As many of the silent era bushranger films are lost to the sands of time, either through being misplaced or destroyed, there are no opportunities to view them ourselves. Because of this we rely on reports from the time that describe the films and discuss the audience responses. This was in the days before people wrung their hands over “spoilers” and were more worried about which film would break opening weekend records.

In the following we have several articles that discuss what is, to date, the only film about Captain Moonlite that has ever successfully been made.

Dubbo Liberal and Macquarie Advocate (NSW : 1894 – 1954), Saturday 11 February 1911, page 4


Measrs. Toose and Orbell had a crowded house at the Dubbo Skating’ Rink on Wednesday evening, when they presented that fine bushranging Picture “Moonlite.” The film was 4000 feet in length, and occupied the whole of the second half of the programme. It commences in New Zealand, where Captain Scott alias “Moonlite” is caught cheating at cards. He is disrated and turned out of the army, and crosses over to Victoria. Here, he joins the Presbyterian Church, as minister, to achieve his purpose of robbing the bank. The picture then proceeds with various interesting stages until “Moonlite” is captured and lodged in Dubbo gaol. He strangles the warder and escapes. It is after this event that the gang is formed. His reign on the road was a short one. After sticking up several gold escorts and robbing several homesteads he had some sharp encounters with the pollce, the chief of which was Inspector Carroll, and was eventually captured alter a desperate struggle, and hanged at Darlinghurst Gaol. The film concludes with a picture of “Moonlite’s” grave, and Miss Clark, his fiance, is shown weeping over it. The first part of the programme was taken up with interesting subjects, including an A.B. drama and several good comics. The company showed again on Thursday, when “Moonlite” was again screened, together with an entirely new programme of other subjects.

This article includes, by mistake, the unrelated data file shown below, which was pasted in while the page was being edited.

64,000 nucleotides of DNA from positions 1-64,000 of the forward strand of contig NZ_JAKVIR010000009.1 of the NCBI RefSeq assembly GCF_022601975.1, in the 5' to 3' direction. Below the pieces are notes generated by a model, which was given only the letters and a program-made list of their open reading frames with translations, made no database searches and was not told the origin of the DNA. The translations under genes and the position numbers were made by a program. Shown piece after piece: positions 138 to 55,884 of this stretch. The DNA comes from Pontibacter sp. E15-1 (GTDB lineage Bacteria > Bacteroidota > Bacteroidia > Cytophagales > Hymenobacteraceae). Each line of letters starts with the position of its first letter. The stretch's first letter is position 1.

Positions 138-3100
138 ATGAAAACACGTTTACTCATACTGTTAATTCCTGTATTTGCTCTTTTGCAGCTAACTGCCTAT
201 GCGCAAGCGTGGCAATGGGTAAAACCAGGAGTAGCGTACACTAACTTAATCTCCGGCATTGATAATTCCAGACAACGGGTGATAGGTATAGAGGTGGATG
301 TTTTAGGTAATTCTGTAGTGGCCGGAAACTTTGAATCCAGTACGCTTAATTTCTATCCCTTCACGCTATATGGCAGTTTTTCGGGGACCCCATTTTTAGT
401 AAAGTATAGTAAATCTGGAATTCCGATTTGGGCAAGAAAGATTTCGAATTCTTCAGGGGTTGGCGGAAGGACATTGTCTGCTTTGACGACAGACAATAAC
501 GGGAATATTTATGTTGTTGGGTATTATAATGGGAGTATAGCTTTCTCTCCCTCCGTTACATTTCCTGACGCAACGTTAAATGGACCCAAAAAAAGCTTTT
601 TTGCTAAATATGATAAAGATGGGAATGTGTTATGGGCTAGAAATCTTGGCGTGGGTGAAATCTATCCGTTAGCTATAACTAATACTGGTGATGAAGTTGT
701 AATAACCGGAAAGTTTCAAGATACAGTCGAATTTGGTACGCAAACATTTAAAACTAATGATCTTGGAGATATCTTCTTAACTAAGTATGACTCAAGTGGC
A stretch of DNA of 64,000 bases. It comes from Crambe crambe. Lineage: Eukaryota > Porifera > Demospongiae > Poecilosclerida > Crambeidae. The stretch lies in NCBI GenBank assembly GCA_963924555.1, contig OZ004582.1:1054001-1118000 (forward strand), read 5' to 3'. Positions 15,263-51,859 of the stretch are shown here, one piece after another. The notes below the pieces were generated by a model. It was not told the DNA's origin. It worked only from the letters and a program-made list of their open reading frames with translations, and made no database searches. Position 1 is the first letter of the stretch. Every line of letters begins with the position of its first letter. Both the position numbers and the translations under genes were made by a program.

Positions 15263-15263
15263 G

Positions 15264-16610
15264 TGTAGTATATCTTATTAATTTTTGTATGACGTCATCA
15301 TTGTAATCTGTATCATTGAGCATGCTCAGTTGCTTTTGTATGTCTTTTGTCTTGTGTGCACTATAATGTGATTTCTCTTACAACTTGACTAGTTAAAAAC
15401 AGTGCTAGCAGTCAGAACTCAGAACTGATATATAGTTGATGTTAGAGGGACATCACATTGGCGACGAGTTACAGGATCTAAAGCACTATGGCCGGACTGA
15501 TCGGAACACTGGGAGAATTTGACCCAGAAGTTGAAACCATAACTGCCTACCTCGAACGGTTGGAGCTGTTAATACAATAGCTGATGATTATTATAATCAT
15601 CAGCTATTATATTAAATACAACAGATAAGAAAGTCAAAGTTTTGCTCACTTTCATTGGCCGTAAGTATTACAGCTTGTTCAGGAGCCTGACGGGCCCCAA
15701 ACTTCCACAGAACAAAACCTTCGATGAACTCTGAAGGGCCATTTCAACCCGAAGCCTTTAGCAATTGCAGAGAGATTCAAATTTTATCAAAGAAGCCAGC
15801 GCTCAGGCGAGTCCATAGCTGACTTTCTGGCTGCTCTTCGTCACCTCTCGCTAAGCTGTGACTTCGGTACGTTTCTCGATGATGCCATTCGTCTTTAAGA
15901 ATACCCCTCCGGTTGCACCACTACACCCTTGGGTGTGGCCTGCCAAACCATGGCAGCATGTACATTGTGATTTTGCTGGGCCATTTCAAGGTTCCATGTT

Telegraph (Brisbane, Qld. : 1872 – 1947), Saturday 11 March 1911, page 8


To-night will be a specially attractive time at the New Picture Palace, Centennial Hall, for the great bushranging picture, “Captain Moonlite ” will be screened for the first time in Brisbane. The film has been made at great expense, and though it is very long, taking 1 hour 20 minutes in the showing, its story and incidents are such that interest can never wane. In fact, some of the bushranger’s exploits are complete in themselves as absorbing and thrilling stories, and when added together, and invested with the love interest, which runs throughout its length, the film is a novel. The story will be told by Mr. R. F. Stephens, and the first part of the programme will include many excellent pictures, including “The Drunkard’s Reformation.” A matinee will be given at 3.30 p.m.